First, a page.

2. Kyrie, Mr. Mister – File this one under “Craziest Misheard Lyrics Ever”. Having no working knowledge of either Roman Catholicism or the Greek language when this song came out, I thought that the first line of the chorus was “Carry a laser”. Inserting that phrase for the actual phrase, “Kyrie eleison” which means “Lord, have mercy”, gives the song an entirely different and surreal meaning. The song itself is drenched in keyboard parts and distorted, effects-driven guitars. It’s got a driving beat, and would have been a straight rock and roll song if not for the aforementioned keyboards. I picked it over the more laid back hit by Mr. Mister, “Broken Wings”.

1. No One Is To Blame, Howard Jones – My band did a cover of this song, using a guitar for the signature opening riff, and it was a crowd pleaser. This is my favorite Howard Jones song and, like most songs I like, has a great, memorable melody. This is probably Jones’ best studio vocal. My favorite version of this song is from the live album Live Acoustic America, which is just Jones on piano with a percussionist. With all of the production stripped away, the song’s beautiful melody is highlighted and you realize what a great song this really is.


Top 10 Pop/Rock Songs of the 80’s – 1984

My last Top 10 of the 80’s post was on Jan 23rd. My computer crashed and it has taken me until now to remake my 1984 list – mainly because I’m lazy. For the reason I started this list and the criteria I used, check out my 1980 list. The others can be found at 1981, 1982 and 1983.

The way that I compile these lists is by going into iTunes, creating a playlist, and then moving every song from the Billboard Top 100 of that year that I even remotely like over to that list. I then go back through and remove songs until I get to the top 10. 1984’s initial list was much bigger than any other year – I think around 49 songs. But it seemed like 84 was the easiest so far to get down to 10 because there were several songs that I new had to be in the top 10.

So here we go…

10. I Guess That’s Why They Call It The Blues, Elton John – This is probably my favorite Elton John song. It has a slow gospel feel to it and is just an outstanding melodic ballad. Elton John has one of the most distinctive voices in pop and this is a great vocal performance by him. John had a bit of a resurgence in his carreer in the mid-80’s and this was his biggest hit. Two things about this song that put it over some of the others: 1) The bass in this song has a good, percussive sound. 2) It was used for the montage of Peter being in a wheelchair for all of 45 minutes on Family Guy.

9. You Might Think, The Cars – I really wanted to include “Magic” by the Cars in the top 10 for this year because I think the melody of the chorus is one of their best, but “You Might Think” is a better overall song. Bouncy and upbeat, the Cars did a perfect job of melding traditional rock instrumentation (guitars, piano, bass) with New Wave instrumentation (synths, digitized drums). I have a vivid memory of the video for this song, especially the fly with the Rick Ocasek head, and it won Video of the Year at the first MTV Video Music Awards show.

8. Say, Say, Say, Paul McCartney & Michael Jackson – This song was huge (I think it was #2 overall for the year). Michael Jackson was at the height of his Thriller popularity. McCartney had been having a bit of a comeback. Both of these guys were masterful writers of melodic pop songs so you know that anything they wrote together almost had to be great. Back then there was a phenomenon that was kind of a precursor to the Karaoke craze. There were booths, usually in malls, where you could go and record yourself singing with an accompaniment track and then they would sell you a cassette of the results. The first time I ever did this, a friend of mine and I recorded “Say, Say, Say”. The Jackson part was so high, that my friend had a hard time hitting it. They had to slow the track down to lower the key so it ended up being this really slow version of the song. But did it impress the ladies, you’re asking? No. No it did not.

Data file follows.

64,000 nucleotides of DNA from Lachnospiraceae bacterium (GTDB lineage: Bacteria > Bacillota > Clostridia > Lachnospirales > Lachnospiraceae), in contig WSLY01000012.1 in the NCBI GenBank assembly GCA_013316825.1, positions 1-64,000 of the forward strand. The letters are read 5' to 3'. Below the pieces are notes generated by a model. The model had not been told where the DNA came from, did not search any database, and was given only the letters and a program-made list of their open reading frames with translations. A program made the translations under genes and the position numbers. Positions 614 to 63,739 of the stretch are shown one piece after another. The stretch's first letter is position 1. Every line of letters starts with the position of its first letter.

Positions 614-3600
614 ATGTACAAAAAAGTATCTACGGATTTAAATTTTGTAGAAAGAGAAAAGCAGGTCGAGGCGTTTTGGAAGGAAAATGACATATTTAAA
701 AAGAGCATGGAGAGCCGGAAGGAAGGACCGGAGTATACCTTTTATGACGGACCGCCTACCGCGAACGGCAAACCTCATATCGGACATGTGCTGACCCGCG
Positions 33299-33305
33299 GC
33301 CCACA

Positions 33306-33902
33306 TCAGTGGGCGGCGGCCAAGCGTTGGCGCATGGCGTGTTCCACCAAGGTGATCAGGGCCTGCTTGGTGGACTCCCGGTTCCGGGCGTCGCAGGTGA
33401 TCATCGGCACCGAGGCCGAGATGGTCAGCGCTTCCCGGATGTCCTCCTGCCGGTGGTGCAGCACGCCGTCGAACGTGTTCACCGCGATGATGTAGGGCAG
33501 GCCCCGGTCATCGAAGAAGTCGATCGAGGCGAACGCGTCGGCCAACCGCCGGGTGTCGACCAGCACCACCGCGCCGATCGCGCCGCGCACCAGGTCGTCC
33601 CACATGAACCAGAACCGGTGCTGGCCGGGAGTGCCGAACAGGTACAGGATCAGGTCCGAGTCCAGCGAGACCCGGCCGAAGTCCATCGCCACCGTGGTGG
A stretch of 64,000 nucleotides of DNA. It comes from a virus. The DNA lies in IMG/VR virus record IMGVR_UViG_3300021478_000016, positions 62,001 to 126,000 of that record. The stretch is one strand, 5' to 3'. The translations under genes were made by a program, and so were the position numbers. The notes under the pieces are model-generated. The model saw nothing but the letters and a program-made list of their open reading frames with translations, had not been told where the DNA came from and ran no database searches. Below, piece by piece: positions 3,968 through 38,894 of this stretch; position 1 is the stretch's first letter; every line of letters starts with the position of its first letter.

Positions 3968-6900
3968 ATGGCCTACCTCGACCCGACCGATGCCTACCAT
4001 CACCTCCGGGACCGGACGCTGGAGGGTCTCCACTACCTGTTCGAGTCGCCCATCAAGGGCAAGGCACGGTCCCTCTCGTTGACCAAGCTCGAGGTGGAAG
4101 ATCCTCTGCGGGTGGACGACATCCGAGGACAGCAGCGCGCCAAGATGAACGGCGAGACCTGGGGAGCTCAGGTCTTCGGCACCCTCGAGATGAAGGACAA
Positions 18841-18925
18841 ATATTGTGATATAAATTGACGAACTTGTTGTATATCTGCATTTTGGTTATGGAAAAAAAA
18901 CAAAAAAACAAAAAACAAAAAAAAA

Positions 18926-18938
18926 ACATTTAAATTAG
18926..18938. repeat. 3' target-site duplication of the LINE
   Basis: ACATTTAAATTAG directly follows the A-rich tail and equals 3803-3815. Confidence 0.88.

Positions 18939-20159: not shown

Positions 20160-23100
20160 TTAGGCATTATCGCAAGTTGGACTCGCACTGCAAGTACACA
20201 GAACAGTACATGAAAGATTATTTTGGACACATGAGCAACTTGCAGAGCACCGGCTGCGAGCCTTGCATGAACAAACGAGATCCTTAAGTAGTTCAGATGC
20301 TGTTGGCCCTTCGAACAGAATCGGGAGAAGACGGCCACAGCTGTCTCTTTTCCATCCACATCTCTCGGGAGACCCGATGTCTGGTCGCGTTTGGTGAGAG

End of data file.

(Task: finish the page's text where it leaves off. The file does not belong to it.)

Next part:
7. Missing You, John Waite – This is one of those songs that puts me in a nostalgic mood. I can remember specific things that I was doing while this song was on the radio. And of course it reminds me of the melodramatic fellings one has when you’re young and sparring with the fairer sex. I’m pretty sure that the girl that I used the Texas Rangers analogy on was on my mind every time I heard this song in ’84.

6. Sunglasses At Night, Corey Hart – I remember where I was the first time I heard this song. I was in the Comic Zone picking up the latest copies of The Flash, Green Lantern and Marvel Super Heroes Secret Wars which means not only that I have a pretty good memory but also that I am such a nerd. This song still sounds really cool to me. The opening keyboards sound vaguely ominous. The first part of the chorus has the really cheesy synth line but is redeemed in the second part by the great guitar riff. Hart’s vocal has a vague rebel-without-a-cause feel to it that really makes the song. 

5. Let’s Go Crazy, Prince – From the opening church organ over which Prince gives his weird sermon to the closing spastic guitar solo this song reeks of over-the-top, look-at-me-I’m-the-next-Hendrix arrogance. But it’s also a really bad ass song. This may not be my favorite song off of Purple Rain (that would probably be “Baby I’m A Star” or “Darling Nikki”) but it’s my favorite of the hits from it. This is Prince at his apocalyptic best.